then ultimately getting to a place where I could trust by just trusting
that I could let go, that I could wish him well, let it go, and move
forward with my life.
And I recognized that for me to fully step into where I was going, that was
necessary, right? That I needed to do that untangling of letting… Setting
down the things that were not mine to carry, which can be tricky, right? It
can be tricky.
Yeah. What did life feel like? I guess, we could say that year of the
divorce and then his death and then when you came out or you felt like you
came out on the other side emotionally. What was the differences in those
Mm-hmm (affirmative). I think the first time with the divorce I felt it was
really, really hard, but I felt very, I don’t know if determined is the
word. I knew that it was important. And I knew that… So part of my
situation is that there were some mental illness pieces that were untreated
and that he was not getting the help he needed for. And so it put myself
and my children in some situations that were not safe. And so for me, I was
kind of like kicking in the mama bear. Like, I have to do this, I have to
move forward. And so, I found a lot of strength in myself to carry on, to
get things done, to get things in place to where I felt my children were
safe, I was safe, things like that. And so I felt a lot of… There was
grief there, there was a lot of sorrow. There was all the disbelief, kind
of like how is this my life?
That came up a lot. How is this my life? How is this real? Right?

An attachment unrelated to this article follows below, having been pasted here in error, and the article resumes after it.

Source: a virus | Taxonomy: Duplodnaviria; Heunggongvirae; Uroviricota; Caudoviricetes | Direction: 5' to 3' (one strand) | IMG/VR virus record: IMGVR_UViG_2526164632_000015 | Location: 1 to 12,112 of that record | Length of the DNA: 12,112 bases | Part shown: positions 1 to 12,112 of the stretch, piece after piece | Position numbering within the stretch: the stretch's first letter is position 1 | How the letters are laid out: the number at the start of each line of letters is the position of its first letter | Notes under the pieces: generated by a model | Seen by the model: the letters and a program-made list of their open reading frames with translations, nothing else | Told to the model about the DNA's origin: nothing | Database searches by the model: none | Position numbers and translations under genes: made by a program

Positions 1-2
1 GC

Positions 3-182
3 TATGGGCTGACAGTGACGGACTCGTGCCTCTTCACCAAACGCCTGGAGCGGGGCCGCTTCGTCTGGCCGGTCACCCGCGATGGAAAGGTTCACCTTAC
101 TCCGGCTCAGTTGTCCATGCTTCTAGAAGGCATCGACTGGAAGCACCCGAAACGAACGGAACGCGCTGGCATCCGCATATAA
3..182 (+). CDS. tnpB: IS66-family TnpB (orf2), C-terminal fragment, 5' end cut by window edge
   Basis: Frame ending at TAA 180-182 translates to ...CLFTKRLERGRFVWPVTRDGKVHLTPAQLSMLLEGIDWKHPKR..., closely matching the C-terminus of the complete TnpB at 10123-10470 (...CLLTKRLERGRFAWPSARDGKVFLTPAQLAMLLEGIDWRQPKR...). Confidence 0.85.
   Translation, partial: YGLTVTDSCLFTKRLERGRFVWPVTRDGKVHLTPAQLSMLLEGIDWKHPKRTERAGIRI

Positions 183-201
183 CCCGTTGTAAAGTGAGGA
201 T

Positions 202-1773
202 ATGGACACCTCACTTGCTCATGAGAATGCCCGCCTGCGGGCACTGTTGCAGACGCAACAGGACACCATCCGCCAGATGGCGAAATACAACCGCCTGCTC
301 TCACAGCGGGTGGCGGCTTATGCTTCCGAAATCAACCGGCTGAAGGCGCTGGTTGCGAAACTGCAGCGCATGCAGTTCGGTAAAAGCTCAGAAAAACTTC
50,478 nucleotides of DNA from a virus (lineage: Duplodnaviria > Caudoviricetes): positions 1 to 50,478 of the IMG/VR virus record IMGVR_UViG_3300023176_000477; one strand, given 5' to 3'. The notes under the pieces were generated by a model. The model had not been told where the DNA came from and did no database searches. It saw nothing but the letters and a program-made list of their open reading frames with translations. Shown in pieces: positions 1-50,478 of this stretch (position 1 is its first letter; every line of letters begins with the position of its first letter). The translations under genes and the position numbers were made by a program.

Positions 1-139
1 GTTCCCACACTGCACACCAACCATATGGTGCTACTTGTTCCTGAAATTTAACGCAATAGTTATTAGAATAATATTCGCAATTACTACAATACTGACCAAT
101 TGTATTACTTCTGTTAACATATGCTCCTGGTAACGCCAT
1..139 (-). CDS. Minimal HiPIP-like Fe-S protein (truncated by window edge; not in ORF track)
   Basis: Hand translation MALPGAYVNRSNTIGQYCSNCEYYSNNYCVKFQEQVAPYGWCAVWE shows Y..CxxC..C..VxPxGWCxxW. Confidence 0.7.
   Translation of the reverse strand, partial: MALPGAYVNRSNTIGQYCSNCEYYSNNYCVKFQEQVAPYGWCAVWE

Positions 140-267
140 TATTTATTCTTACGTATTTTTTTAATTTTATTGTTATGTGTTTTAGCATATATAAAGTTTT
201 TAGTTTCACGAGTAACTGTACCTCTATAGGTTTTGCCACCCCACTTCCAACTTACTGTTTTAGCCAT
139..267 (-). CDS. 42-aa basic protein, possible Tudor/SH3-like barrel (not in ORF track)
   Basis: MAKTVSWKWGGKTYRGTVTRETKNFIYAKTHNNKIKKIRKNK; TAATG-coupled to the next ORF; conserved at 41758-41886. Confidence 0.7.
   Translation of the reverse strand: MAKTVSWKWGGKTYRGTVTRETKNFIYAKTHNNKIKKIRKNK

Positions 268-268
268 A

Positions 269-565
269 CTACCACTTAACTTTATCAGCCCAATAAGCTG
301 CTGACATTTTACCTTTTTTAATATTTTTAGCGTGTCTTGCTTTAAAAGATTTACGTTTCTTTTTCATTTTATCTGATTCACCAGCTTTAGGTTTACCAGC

But I also had a lot of deep determination. I have to get through this. I
have to get to the other side of this. When he died, that was different. It
was different. It was just straight up grief. It was just a lot of loss, a
lot of grief. Just sadness that this person that I cared about who had just
crazy potential. He was really, really smart, really ambitious, he was a
lawyer working for a big name. He was doing good things career wise,
professionally and it just was really sad that he had made some of the
choices that he made that led to this current circumstance. And so in that,
it was just a lot of grief and Sade, I’ll say to you for some of your
listeners that because I imagine probably everyone listening has
experienced this to one extent or another, all the opinions of other people
and then chiming in and that was sometimes really hard because I had people
telling me that I should be happy and that I should be… Look, you don’t
have to deal with this anymore and you should.
Telling me how I should feel and it made it worse. It was hard. I want to
be sad. This is the person I was married to for 16 years, the father of my
children, I want to be sad that he’s gone. And so learning to let other